Having deferred National Service until after his degree, he was called up into the Royal Scots. Basic training completed, the War Office wanted him to be an interpreter and, given the choice of learning Russian in Fife or Greek in Cyprus, he chose the latter. Knowing both vocabulary and syntax, it did not take him long to become fluent and to start interpreting for the police, to whom he was attached. One undercover operation found him sitting in the corner of a police station listening to the conversation of some recently arrested EOKA terrorists. He was able to report the most significant part of their conversation: “That chap over there understands Greek.” He also learnt sufficient Turkish to be able to interpret that too, but most significantly while in Cyprus, he took up Hebrew and decided to study for the ministry, making him the fourth generation of his family to do so.

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John graduated with a BD in 1962 having been excused the first year Hebrew class in favour of one in Arabic. He was particularly drawn to the Old Testament thanks to interactions with Norman Porteous, J.C.L. Gibson and James Barr. After an 18-month fellowship spent at the Hebrew University in Jerusalem, studying inter alia Ugaritic, he took up an appointment at Trinity College, Glasgow University.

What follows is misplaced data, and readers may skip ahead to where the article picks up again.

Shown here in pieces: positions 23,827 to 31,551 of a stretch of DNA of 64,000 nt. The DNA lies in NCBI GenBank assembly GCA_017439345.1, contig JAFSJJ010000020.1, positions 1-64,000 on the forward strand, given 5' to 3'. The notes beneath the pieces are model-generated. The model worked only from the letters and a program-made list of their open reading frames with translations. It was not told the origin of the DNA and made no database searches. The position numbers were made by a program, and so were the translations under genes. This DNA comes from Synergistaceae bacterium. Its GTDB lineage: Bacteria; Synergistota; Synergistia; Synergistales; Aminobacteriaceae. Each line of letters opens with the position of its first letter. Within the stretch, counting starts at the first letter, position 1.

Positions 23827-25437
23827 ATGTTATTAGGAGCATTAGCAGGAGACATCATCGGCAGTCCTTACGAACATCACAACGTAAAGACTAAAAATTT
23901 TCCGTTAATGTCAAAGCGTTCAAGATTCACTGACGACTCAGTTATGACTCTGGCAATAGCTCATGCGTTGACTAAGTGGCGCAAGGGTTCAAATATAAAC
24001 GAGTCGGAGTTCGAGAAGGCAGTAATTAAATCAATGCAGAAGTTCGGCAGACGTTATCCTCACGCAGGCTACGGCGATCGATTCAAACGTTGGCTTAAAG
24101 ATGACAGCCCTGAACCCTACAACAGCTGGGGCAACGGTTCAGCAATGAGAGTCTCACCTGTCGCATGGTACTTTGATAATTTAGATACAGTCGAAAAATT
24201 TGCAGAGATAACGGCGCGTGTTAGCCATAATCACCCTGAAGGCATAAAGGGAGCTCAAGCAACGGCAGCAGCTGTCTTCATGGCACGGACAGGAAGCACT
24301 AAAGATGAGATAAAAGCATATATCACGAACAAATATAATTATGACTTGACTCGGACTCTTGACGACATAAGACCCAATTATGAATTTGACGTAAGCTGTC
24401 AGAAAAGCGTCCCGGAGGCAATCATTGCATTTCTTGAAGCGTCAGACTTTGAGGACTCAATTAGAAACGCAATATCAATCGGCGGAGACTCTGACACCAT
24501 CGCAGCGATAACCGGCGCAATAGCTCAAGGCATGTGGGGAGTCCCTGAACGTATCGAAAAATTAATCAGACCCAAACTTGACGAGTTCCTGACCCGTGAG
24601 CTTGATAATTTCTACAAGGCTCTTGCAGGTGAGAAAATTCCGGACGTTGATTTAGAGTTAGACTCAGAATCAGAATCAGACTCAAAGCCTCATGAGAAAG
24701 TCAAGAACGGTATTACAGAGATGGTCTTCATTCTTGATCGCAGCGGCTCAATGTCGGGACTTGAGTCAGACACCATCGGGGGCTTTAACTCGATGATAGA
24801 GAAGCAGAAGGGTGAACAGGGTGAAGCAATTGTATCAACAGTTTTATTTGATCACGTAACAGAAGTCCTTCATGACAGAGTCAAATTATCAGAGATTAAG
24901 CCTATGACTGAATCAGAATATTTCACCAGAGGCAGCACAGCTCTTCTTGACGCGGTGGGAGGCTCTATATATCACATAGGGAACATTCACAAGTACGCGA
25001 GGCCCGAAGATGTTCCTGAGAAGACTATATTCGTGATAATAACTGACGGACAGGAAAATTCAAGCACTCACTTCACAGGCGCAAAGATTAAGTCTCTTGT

He was ordained in the University chapel in 1964 to become chaplain to 5th/6th battalion of the Highland Light Infantry. At their summer camp all were amazed by his prowess not only with an anti-tank gun but with a pack of cards, recalling tricks practised on his brother.

John moved to Newcastle in 1965 where he was to spend the next 29 years becoming head of department and professor, writing a modern Hebrew grammar, a two-volume commentary on Isaiah and two editions of Prophecy and the Biblical Prophets. As well as several research papers on language and religion, he collaborated with colleagues from other disciplines. For example, with the geophysicist F.R. Stephenson, the total eclipse described on a stone tablet that sparked a revolt in Ugarit was dated to May 3 1375 BCE. His excitement was infectious although not always helpful. After explaining in detail some recent research, his exasperated father exclaimed, “Give me something I can use in a sermon”.